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Pricing in the OTC market - A look inside the Exness trading engine

By Reem Bacha

18 December 2023

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For over 15 years, Exness has been committed to providing our clients with full transparency when it comes to our pricing and execution. But, to fully understand the inner workings of our pricing algorithms and spreads, it’s going to take a little more than just giving traders access to our full tick history.

With that in mind, here is the first installment in a series of five that will not only show you how Exness generates its pricing but also how most banks and large financial institutions do it.

The first step is to break down one of the most fundamental and misunderstood terms in the business – the over-the-counter market. 

What is the OTC market?

The OTC market plays a crucial role in the financial space. It offers flexible transaction structures and gives participants access to a wide range of assets. It typically involves lower trading costs and regulatory requirements compared to traditional exchanges.

How does the OTC market differ from exchanges?

The Over-The-Counter (OTC) market is made up of independent, decentralized participants where two parties trade financial instruments at a price they agree on, without a centralized exchange in the middle. 

Many market participants are involved in OTC trading, including hedge funds, investment banks, market makers like Exness, and more. In simple terms, any transaction completed without a centralized entity in the middle is an OTC transaction. If, for example, you buy a used car from your neighbor, that is considered an OTC transaction, as there is no central marketplace for used cars that provides an official price. It’s up to you and the seller to decide at which price to transact. 

The OTC market and pricing

In the OTC market, the same assets are traded across a multitude of marketplaces. This means that prices naturally vary from one marketplace to another, as different transactions within each marketplace move the price. That said, arbitrage ensures that these differences don’t exist for too long. For the same reason, spreads also differ depending on both the amounts of liquidity available and the desire of the price provider to transact.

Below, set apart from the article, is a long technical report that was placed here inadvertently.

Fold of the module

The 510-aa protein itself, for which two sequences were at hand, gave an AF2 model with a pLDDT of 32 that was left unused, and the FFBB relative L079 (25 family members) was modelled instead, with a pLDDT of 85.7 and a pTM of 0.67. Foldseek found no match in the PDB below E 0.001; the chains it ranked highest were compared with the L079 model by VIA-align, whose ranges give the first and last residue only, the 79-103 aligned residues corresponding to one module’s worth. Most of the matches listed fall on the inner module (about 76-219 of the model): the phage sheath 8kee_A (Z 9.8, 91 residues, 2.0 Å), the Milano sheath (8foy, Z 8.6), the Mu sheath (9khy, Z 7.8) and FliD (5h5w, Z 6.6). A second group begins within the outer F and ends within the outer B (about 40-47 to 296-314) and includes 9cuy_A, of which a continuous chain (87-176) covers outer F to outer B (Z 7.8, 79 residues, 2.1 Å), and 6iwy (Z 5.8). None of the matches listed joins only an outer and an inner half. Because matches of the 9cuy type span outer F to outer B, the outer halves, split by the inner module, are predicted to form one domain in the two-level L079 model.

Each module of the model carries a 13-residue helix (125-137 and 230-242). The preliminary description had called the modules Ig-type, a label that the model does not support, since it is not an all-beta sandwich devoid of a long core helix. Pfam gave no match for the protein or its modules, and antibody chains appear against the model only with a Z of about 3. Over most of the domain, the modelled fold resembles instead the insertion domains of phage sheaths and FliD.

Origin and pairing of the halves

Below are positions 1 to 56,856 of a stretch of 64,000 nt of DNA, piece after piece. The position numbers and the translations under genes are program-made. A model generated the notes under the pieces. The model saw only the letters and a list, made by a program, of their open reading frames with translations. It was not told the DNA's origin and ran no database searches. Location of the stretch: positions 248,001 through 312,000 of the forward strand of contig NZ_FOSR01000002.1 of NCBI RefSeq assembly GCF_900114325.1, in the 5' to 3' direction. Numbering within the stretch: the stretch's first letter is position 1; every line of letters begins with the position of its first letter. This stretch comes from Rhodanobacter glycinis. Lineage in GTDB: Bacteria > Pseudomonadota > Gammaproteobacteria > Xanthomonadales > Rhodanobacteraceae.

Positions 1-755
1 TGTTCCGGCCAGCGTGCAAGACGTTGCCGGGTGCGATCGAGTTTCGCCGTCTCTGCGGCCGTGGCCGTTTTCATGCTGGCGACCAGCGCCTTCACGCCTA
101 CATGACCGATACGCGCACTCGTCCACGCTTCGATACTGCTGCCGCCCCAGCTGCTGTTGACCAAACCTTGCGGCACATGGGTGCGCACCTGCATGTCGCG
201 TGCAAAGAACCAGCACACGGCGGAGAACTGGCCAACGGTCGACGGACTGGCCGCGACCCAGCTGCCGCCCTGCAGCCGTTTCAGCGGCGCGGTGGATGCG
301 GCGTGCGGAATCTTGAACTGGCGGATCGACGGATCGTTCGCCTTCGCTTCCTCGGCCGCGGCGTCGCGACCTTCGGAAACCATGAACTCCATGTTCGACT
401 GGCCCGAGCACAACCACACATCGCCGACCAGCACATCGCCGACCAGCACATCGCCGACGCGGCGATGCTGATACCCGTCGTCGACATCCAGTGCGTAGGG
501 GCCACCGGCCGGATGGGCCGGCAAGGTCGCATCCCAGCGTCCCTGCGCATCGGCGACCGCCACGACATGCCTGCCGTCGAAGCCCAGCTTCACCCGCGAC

Let’s take another example

When you visit different banks to exchange currency, you might find that each bank offers a slightly different exchange rate; this variation is similar to the OTC market, as banks set their rates based on their own costs, demand, supply, and risk assessments. This can lead to slightly differing prices and spreads for the same currency at each bank. Some banks might set a daily rate with a widespread, while others might update their rate in real-time and offer tighter spreads.

To simplify it even further, let’s go back to the example of the car. You bought a car from your neighbor because you knew that the price for the same type of car is usually higher. Then you decide to sell it for more money, and you post an ad in the biggest car marketplace. Because of arbitrage opportunities that exist between different marketplaces, you can make a profit. 

A deeper look at arbitrage

Market dynamics are ever-changing, and you have to be very fast to capitalize on these price inefficiencies - especially when it comes to online trading where you are competing with other algorithms programmed to exploit such opportunities. You’ll find them everywhere – not just in the FX market, but across other markets too. 

Spot metals, energies, indices and cryptocurrencies are no exception to this phenomenon, and different prices might appear for the same asset at the same time, in different places. 

Participants can make money by buying where an asset is cheap and selling where its price is high, capitalizing on price differences that may exist across different marketplaces, trading platforms, or geographical locations to earn profits from these discrepancies.

Conclusion

Now that we’ve broken down what the OTC market is, and explored the intricacies of pricing variations and arbitrage, it’s time to take a closer look at how prices are actually generated. The next article in this series will explore the logic that governs pricing generation, not just at Exness, but across the industry in general. 


This is not investment advice. Past performance is not an indication of future results. Your capital is at risk, please trade responsibly.


Author:

Reem Bacha
Reem Bacha

Reem Bacha is a dedicated content professional and product communications specialist with over 8 years of experience in the FinTech sector.